[Editor's note: this email was originally written as a letter to the Boston Globe.]

Date: Mon, 18 Jun 2001
From: Ann Eldridge 
To: ----
Subject: Have we reached the tipping point?

Dear Public,

For some reason this Sunday is different from other days when we all
get to read yet another article about the serious problems in our
health care system ("HMO subscribers often find provider is only a
'phantom,' " front page, Boston Globe, 6/17/01).  These stories
provide an important public service to inform and expose the human
plight and financial profiteering which are directly created in
perverse juxtaposition by the fundamental flaws in our current health
care system. The broad themes of system failure compellingly revealed
in these articles are only the tip of an iceberg. This is something I
know from personal experience as a nurse and a family member of loved
ones with serious illness.  So today I feel compelled to ask a public
question, "How bad does it have to get?" before we demand meaningful

After years of working as a nurse in a variety of settings and
teaching nursing students in even more clinical areas, and seeing,
no -- let me be honest -- feeling that I am a part of the problem in some
inescapable way by continuing to work in such a dysfunctional system,
I know that by anyone's measure things have definitely gone beyond
the tipping point and have gotten "bad enough."  Fundamental change
must occur when these facts describe our health care system: tens of
thousands killed yearly and lord knows how many seriously harmed by
preventable medical errors -- which involve nurses too; tens of
millions without health insurance and many more underinsured -- often
only painfully discovered when serious illness strikes and care is
denied; the highest health care costs in the world and ever-rising
without public accountability or standards for how and where our
hard-earned health care dollars are spent, while ranking among the
lowest worldwide in the quality and effectiveness of our system; the
most serious nursing shortage we've ever had already upon us -- in
large part another preventable symptom resulting from the financial
profiteering and other perverse incentives that pervade our current
system, and that beat down caregivers and discourage others from
entering the nursing profession.

To be sure, the for-profit health care entities such as
United Healthcare described in today's Globe article are the most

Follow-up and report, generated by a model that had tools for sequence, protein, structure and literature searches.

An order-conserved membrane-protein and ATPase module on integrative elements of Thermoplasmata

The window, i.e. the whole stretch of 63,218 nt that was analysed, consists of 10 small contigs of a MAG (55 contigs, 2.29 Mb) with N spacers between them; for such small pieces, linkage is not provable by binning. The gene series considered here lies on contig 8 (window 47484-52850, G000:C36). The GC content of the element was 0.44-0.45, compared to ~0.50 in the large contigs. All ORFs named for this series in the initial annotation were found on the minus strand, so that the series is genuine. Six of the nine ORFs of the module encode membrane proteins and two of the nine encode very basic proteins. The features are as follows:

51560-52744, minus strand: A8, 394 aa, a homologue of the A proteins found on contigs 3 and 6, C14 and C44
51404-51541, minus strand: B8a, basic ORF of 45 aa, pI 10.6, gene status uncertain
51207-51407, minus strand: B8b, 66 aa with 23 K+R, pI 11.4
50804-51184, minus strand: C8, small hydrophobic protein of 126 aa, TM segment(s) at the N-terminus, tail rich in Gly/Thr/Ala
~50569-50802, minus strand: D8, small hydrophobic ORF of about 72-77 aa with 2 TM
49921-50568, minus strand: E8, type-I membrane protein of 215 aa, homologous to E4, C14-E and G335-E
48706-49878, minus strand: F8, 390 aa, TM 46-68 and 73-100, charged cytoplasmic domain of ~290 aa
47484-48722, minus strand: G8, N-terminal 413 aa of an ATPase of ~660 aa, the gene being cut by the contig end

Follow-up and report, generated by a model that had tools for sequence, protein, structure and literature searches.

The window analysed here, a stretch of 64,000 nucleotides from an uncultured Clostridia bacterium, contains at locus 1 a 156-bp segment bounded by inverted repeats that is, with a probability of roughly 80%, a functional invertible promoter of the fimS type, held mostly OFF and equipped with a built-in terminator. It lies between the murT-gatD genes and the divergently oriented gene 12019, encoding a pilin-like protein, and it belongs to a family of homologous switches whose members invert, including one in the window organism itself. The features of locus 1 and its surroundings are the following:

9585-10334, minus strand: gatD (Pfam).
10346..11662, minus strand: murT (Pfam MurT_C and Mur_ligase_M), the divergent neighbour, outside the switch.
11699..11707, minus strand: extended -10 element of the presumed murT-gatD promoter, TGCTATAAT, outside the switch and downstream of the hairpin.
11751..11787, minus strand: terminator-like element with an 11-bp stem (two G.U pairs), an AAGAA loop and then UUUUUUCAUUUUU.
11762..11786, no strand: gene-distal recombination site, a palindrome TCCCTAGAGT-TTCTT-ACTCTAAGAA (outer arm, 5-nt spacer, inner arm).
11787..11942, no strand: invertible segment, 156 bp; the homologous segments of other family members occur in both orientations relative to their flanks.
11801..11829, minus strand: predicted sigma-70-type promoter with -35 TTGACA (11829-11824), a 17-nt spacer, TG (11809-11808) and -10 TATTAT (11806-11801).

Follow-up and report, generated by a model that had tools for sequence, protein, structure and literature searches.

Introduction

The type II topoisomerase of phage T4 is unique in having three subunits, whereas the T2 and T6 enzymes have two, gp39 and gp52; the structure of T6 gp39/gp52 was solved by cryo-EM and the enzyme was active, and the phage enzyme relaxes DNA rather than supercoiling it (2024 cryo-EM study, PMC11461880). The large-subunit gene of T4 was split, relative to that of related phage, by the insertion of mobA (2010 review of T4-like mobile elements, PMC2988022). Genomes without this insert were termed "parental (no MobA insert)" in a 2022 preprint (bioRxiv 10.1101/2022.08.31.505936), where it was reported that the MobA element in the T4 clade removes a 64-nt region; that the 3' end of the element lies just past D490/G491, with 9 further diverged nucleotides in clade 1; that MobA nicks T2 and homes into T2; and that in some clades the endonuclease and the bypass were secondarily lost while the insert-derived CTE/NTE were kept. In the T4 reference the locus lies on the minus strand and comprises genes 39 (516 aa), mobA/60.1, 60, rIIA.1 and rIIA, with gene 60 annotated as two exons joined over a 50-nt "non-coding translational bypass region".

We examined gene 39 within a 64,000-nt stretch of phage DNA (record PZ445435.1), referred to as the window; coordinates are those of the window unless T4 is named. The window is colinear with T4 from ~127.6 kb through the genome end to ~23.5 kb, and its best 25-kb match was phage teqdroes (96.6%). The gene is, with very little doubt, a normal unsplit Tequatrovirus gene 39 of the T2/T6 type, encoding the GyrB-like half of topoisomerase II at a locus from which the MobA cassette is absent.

blatant profiteers, but the not-for-profits in Massachusetts such as
BC/BS, Tufts and Harvard-Pilgrim HMO's (which we taxpayers subsidize
quite generously due to their "charitable institution" status while
they spin off huge sections to for-profit subsidiaries such as
Harvard-Pilgrim's mental health section) make deliberate decisions
how to operate, including "phantom" providers to attract customers,
which are quite similar to the for-profits in the current
market-driven-spend-millions of health insurance dollars on
competitive advertising that doesn't do a darn thing to help anyone's
health (just the almighty health of the bottom line) environment
which characterizes health care delivery in the U.S. and the
Commonwealth today.

I am only one nurse out of 160,000 in our state alone, and my
memories of individual patients' and families' suffering that
absolutely could have been prevented, and health problems compounded
by a largely inhumane and massively dysfunctional system have gone
way beyond my capacity to keep track of them. How bad does it have to
get?  Many clinicians have been trying to do something constructive
with these difficult -- what should be seen as unacceptable --
conditions we are forced to work with as front-line caregivers.  For
years I have volunteered alongside hundreds of others working for the
long-overdue fundamental reforms of the system, often facing
hostility and outright opposition from legislators and "policy
experts."  The organizations MassCare, the Ad Hoc Committee to
Defend Health Care, and the Mass. Nurses Association are three groups
whose members refuse to give up on achieving fundamental
improvements. The current nurses strike at Brockton Hospital
exemplifies the drastic extent of the problems which have forced
nurses to put their entire livelihoods on the line. The Massachusetts
Health Care Trust and Safe Nurse Staffing Levels legislation filed
last December provide a path to meaningful reform but are
encountering deep-pocketed and politically-connected opposition.  So
others are needed to step forward and be a part of the solution to
this very public crisis.

Is anyone else wondering how we got so far away from what health care
should be all about, and what forces got us so far off track -- with an
exorbitantly high price tag, both in dollars and in lives -- and why
for heavens sake we seem to have such a vacuum of leadership to
meaningfully address this crisis?  Is anyone else wondering if clean
elections, or more accurately the lack thereof, might have something
to do with this mess?  How bad does it have to get before we rise up
and demand meaningful solutions?!

Ann Eldridge, RN, MSN
Clinical Instructor in Nursing, UMass Boston
and Staff Nurse, Visiting Nurses Association of Boston